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New study reveals the surprising factor that impacts the mental health of city dwellers: 'Part of our everyday lives'

A 2010 study in the U.S. put the value of such health benefits at $7 billion. 

Cities without trees affect mental health

Photo Credit: iStock

There's something missing from the crowded cities that many of us call home — more trees. 

The absence of trees is affecting the mental health of many city dwellers, according to experts who are studying the impact of foliage on the human mind. 

Studies are starting to link long-term exposure to air pollution with poor mental health. By adding more leaves to urban skylines, experts in a study at Yale determined that city planners can improve cases of depression, anxiety, and other basic wellness metrics. 

Other researchers agree with the findings. 

"It's really about having trees as part of our everyday lives," Harvard assistant professor Peter James said in a report about the connection between trees and public health. James is calling for more parks and green spaces.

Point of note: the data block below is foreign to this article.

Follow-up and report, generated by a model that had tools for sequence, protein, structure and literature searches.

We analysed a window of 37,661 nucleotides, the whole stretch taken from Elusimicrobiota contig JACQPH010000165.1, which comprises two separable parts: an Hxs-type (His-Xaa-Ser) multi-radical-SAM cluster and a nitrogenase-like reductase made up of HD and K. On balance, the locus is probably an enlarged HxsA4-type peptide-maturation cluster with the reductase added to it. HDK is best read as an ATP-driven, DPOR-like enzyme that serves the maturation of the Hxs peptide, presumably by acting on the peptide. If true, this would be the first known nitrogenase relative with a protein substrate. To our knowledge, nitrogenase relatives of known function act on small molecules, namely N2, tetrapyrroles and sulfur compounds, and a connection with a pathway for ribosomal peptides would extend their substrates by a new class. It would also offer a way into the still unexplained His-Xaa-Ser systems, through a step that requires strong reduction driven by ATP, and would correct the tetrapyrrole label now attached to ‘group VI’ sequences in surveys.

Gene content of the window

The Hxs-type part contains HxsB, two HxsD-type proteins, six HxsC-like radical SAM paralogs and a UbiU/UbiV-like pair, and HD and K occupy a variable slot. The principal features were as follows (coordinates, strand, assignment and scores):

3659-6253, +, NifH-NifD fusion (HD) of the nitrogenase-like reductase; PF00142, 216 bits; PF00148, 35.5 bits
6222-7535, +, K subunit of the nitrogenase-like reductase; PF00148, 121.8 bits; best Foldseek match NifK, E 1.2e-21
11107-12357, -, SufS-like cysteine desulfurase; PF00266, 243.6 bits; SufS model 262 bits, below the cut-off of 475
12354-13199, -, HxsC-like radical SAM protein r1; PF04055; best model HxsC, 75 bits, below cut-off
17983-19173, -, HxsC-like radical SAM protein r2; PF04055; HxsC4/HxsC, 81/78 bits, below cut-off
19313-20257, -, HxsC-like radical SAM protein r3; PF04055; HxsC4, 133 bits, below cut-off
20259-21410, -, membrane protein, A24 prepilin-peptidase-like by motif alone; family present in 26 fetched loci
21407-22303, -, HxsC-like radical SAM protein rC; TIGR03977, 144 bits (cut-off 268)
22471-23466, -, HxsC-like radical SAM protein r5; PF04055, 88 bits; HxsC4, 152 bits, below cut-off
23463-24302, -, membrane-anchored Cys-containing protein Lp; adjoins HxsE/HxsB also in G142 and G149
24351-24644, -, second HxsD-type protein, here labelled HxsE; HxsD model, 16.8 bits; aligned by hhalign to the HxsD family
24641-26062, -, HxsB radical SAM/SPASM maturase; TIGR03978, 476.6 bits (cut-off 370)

While urban forests reduce air pollution by less than 1%, the estimated health benefits are great. A 2010 study in the U.S. put the value of such health benefits at $7 billion

The Arbor Day Foundation lists some other surprising benefits of city trees, including cooler temperatures and a more active population. Those conditions also contribute to better mental health.

Study after study shows just how expansive these benefits are.

In Philadelphia, more trees were linked to a reduction in gun violence, according to the report from Yale. In Baltimore, public locations with trees saw a 40% reduction in crime compared to trees on private property, the report said. 

Meanwhile, a 30-year project in Portland, Oregon, found that for every 100 trees planted, one premature death was avoided.

One downside is allergies, but the impact can be reduced by selecting specific species. 

It's also important to make sure everyone has a place under the canopy. The Yale report said places with the "highest poverty rates have 41% less tree coverage than the wealthiest communities."

These tree-based community benefits can't be achieved without equal access. It starts by adding more maples, oaks, and other timber throughout the urban landscape.

"[I]mproving air quality, reducing carbon pollution, and improving water quality benefits everyone," Jon Utech, senior director at the Office for a Healthy Environment at the Cleveland Clinic, told ArborDay.org. "[It] can be accomplished through tree planting."

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